Clad with local sandstone and evoking the fortress cities of Rajasthan, Gwalior and Punjab, the Khalsa Heritage Centre acknowledges the Sikhs’ history as celebrated warriors. The upwardly curving roofs of the museum’s tower-like galleries are covered in stainless steel, designed in counterpoint to the rich tradition of gold domes that crown sacred Sikh buildings such as the Golden Temple in Amritsar.
The Khalsa Heritage Centre is a museum of the Sikh people located in the holy town of Anandpur Sahib, near Chandigarh in the Punjab state. The museum celebrates 500 years of Sikh history and the 300th anniversary of Khalsa, the scriptures written by the 10th and last Guru, Gobind Singh, founder of the modern Sikh faith.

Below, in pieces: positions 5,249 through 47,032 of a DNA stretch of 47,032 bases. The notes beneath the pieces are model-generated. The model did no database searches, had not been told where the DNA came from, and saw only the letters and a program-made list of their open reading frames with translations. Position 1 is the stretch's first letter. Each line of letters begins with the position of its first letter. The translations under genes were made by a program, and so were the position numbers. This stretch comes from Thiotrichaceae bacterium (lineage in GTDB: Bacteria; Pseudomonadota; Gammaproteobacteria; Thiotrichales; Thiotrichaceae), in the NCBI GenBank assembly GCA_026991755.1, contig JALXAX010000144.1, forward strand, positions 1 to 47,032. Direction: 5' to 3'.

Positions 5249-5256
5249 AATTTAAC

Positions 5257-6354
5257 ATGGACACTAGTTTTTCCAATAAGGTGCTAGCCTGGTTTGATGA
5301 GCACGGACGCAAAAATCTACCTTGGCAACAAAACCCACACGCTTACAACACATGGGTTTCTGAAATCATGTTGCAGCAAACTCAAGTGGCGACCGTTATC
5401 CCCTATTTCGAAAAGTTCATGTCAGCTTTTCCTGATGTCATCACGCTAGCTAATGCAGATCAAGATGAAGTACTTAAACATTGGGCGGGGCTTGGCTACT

Located on a 75-acre site overlooking the town, the Centre is divided into two functionally integrated sets of buildings, which straddle either side of a ravine and are connected by a bridge. The western complex, connected to the town of Anandpur Sahib, is organized around an entrance piazza and contains a 400-seat auditorium, a two-story library, and temporary exhibition galleries. A 540-foot long bridge from the western complex crosses a seven-acre network of reflecting pools, providing access to the eastern complex, which houses permanent exhibition spaces. The eastern complex consists of two clusters of undulating galleries that evoke the fortress architecture of the region and form a dramatic skyline against the surrounding sand cliff terrain and Himalayan foothills in the distance.